New York Photo Review
NYPR Archives - 2010

Straight Typologies
Bernd and Hilla Becher
Water Towers
Reviewer #1
Bernd and Hilla Becher, Water Tower, New York City: Broadway / 100th St., 1978

With the cold winds of warmed-over conceptualism blasting through the streets of Chelsea last week, it was a relief to enter through the frosted doors of the temple of Sonnabend to encounter the steamy chicken soup of Bernd and Hilla Becher’s New York Water Towers.

Photographed in 1978 and ‘79, and shown around the world, it is not as if this is new or revelatory work. These images are old friends providing old pleasures. For a New Yorker there is a special delight in this show, however, as glimpses in the background of ‘old’ New York cannot help but bring back nostalgic and personal memories.

Not that the water towers aren’t fascinating in and of themselves. Starting in the 1880’s these wooden structures– some of the last vestiges of the centuries-long wooden barrel making tradition– were built on the tops of just about all buildings higher than six stories. New York water pressure was enough to get that high, but no higher, so water was electrically pumped to the roof, stored in the water tank, and then distributed by gravity. Only the fanciest of buildings thought of hiding the tanks behind facades, so a sea of wooden water tanks became an iconographic motif seen from the windows of apartments across the city.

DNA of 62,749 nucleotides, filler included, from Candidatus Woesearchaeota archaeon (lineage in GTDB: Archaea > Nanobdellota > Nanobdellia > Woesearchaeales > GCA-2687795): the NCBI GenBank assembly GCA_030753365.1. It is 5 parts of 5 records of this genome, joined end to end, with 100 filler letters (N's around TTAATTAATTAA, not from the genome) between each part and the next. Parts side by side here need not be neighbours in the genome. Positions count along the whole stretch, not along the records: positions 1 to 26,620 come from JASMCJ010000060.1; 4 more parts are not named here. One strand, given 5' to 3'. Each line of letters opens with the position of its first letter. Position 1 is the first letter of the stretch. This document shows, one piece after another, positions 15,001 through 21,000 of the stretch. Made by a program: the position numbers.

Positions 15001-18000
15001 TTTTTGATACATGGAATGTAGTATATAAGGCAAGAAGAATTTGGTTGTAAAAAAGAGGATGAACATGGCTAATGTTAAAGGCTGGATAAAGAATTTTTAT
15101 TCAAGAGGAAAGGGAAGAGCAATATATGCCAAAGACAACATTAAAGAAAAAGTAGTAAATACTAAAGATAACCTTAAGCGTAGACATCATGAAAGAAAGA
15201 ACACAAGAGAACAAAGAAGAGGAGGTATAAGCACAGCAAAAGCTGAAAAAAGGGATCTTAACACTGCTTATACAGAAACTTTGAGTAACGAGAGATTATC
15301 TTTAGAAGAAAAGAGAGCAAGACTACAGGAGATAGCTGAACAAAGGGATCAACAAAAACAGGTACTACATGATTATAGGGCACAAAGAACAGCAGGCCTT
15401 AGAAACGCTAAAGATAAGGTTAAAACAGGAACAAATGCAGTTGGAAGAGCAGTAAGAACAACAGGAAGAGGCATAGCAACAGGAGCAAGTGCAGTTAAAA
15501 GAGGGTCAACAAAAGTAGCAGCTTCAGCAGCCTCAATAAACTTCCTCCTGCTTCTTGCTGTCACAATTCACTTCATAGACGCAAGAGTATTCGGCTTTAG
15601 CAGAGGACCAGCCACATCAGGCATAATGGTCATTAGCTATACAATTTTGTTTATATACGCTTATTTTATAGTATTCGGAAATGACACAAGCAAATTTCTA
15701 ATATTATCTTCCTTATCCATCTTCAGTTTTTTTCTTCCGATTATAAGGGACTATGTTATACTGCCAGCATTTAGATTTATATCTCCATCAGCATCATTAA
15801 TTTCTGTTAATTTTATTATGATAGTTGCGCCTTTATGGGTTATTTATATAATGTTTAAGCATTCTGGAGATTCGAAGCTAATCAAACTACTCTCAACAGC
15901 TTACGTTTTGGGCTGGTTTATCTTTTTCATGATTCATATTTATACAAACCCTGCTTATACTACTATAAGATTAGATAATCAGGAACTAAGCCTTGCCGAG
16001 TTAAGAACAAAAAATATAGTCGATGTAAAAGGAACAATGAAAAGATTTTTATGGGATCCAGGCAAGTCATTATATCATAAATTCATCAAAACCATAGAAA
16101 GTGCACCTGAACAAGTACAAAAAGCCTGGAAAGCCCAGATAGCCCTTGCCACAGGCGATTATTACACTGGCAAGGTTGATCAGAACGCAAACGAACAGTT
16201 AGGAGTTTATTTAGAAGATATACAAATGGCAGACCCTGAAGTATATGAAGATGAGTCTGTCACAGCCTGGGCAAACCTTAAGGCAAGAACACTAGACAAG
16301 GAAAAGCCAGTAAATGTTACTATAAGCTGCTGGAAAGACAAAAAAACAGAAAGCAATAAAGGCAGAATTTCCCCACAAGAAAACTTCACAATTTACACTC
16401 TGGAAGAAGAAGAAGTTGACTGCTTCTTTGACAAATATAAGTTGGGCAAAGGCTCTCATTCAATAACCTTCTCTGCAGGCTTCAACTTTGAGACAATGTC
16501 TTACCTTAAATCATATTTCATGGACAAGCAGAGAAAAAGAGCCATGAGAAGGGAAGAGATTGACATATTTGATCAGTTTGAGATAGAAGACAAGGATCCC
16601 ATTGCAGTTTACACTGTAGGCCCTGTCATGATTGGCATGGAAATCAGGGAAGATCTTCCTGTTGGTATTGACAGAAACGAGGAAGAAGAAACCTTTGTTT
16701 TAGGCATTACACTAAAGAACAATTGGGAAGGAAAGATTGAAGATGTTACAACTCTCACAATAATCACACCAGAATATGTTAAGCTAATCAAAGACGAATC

by unidentified photographer.
Bernd and Hilla Becher, Sonnabend Gallery Installation View

Another particular joy of this exhibition is its layout. The big grid of photographs typical of the Becher typologies is broken up, and we can now walk along a line of photos, looking at each photograph individually. (There are grids of other water towers in one of the back rooms for comparison of the effect.) Oh, and it was New York in the 70’s – when it was still possible to go up on the roof of just about any building, to look around. New York then was still in part a working-class city, its utilities and hardware clearly visible to any who looked, with views of surrounding apartments, or an occasional glimpse of a bridge (or the new World Trade Center) in the background. The Bechers could have worked hard to eliminate these backgrounds in their typologies, but they did not, and the quixotic, supremely photographic surroundings of whatever was the ostensible subject of the series provide a good part of their pictures’ charm and captivation.

And, old New Yorkers like you and me can just wallow in some fine nostalgia, and be close to the cutting edge of photography at the same time!

Bernd and Hilla Becher
Water Towers

536 W 22nd St. Ground Fl
Chelsea         Map

212 627 1018

Thursday, October 28 to
Thursday, December 30, 2010
Hours: Tue-Sat, 10 to 6